Sir Ronald Cohen, a pioneer in impact investment, advocates for a profound shift towards investments that generate positive social and environmental impacts alongside financial returns. Following his principles, investors should place equal importance on impact and financial metrics when evaluating investment opportunities. We present a due diligence checklist for a data room that incorporates the key principles of Ronald Cohen’s impact investment approach.

Impact Investment Thesis

  1. Clearly defined social/environmental objectives: Assess whether the company or project has a clear and specific mission to address social and/or environmental challenges.
  2. Measurable impact: Examine whether the company has established quantifiable, measurable impact targets that align with its mission and can be tracked over time.

Financial Performance

  1. Financial sustainability: Evaluate the company’s financial health, including profitability, cash flow, and financial stability, to determine if it can sustain its operations and create long-term value.
  2. Scalability: Assess the company’s potential for growth and its ability to scale its impact while maintaining financial stability.
  3. Exit strategy: Consider the company’s exit strategy, ensuring it aligns with impact objectives and provides an opportunity for investors to realize financial returns while maintaining or enhancing the company’s social/environmental impact.

Impact Measurement and Reporting

  1. Impact metrics and reporting: Verify that the company employs relevant, transparent, and standardized metrics to measure and report its social and environmental impact. Examples include the Global Impact Investing Network’s (GIIN) Impact Reporting and Investment Standards (IRIS+) and the UN’s Sustainable Development Goals (SDGs).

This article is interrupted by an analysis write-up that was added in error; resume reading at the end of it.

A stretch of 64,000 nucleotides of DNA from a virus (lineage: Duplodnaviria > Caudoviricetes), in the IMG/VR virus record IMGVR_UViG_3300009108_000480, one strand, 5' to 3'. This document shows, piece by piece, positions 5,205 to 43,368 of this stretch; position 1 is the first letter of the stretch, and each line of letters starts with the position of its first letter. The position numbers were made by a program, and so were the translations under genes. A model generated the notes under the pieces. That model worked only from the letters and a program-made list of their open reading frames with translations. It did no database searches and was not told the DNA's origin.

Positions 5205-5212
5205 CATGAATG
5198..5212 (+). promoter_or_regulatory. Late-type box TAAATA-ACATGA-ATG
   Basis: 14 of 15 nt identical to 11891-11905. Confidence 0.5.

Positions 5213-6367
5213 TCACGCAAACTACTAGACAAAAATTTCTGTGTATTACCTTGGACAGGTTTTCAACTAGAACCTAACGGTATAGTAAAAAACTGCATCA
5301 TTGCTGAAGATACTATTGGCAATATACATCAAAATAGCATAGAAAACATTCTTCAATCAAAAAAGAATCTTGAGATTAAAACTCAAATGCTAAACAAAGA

2. Third-party validation: Look for external validation, such as certifications or ratings from recognized organizations, that support the company’s claims of social/environmental impact.
  3. Continuous improvement: Assess the company’s commitment to continuously monitor, evaluate, and improve its impact performance based on feedback and lessons learned.

Corporate Governance and Risk Management

  1. Impact-driven corporate governance: Evaluate the company’s governance structure to ensure that impact considerations are embedded in decision-making processes, including the composition of the board of directors and executive management.
  2. Risk management: Review the company’s approach to identifying, assessing, and mitigating risks that could affect its financial performance and impact goals.

Stakeholder Engagement

  1. Stakeholder inclusivity: Examine the company’s efforts to engage with diverse stakeholders, including beneficiaries, local communities, employees, and suppliers, to understand their needs and integrate their perspectives into decision-making processes.
  2. Collaboration and partnerships: Assess the company’s willingness and ability to collaborate with other organizations, such as governments, non-profits, and private sector partners, to amplify its impact.


By incorporating Ronald Cohen’s principles into the due diligence process, investors can make more informed decisions that prioritize both financial returns and positive social and environmental impacts. This impact investment due diligence checklist provides a comprehensive framework to assess investment opportunities in line with the growing emphasis on achieving a more sustainable and equitable future.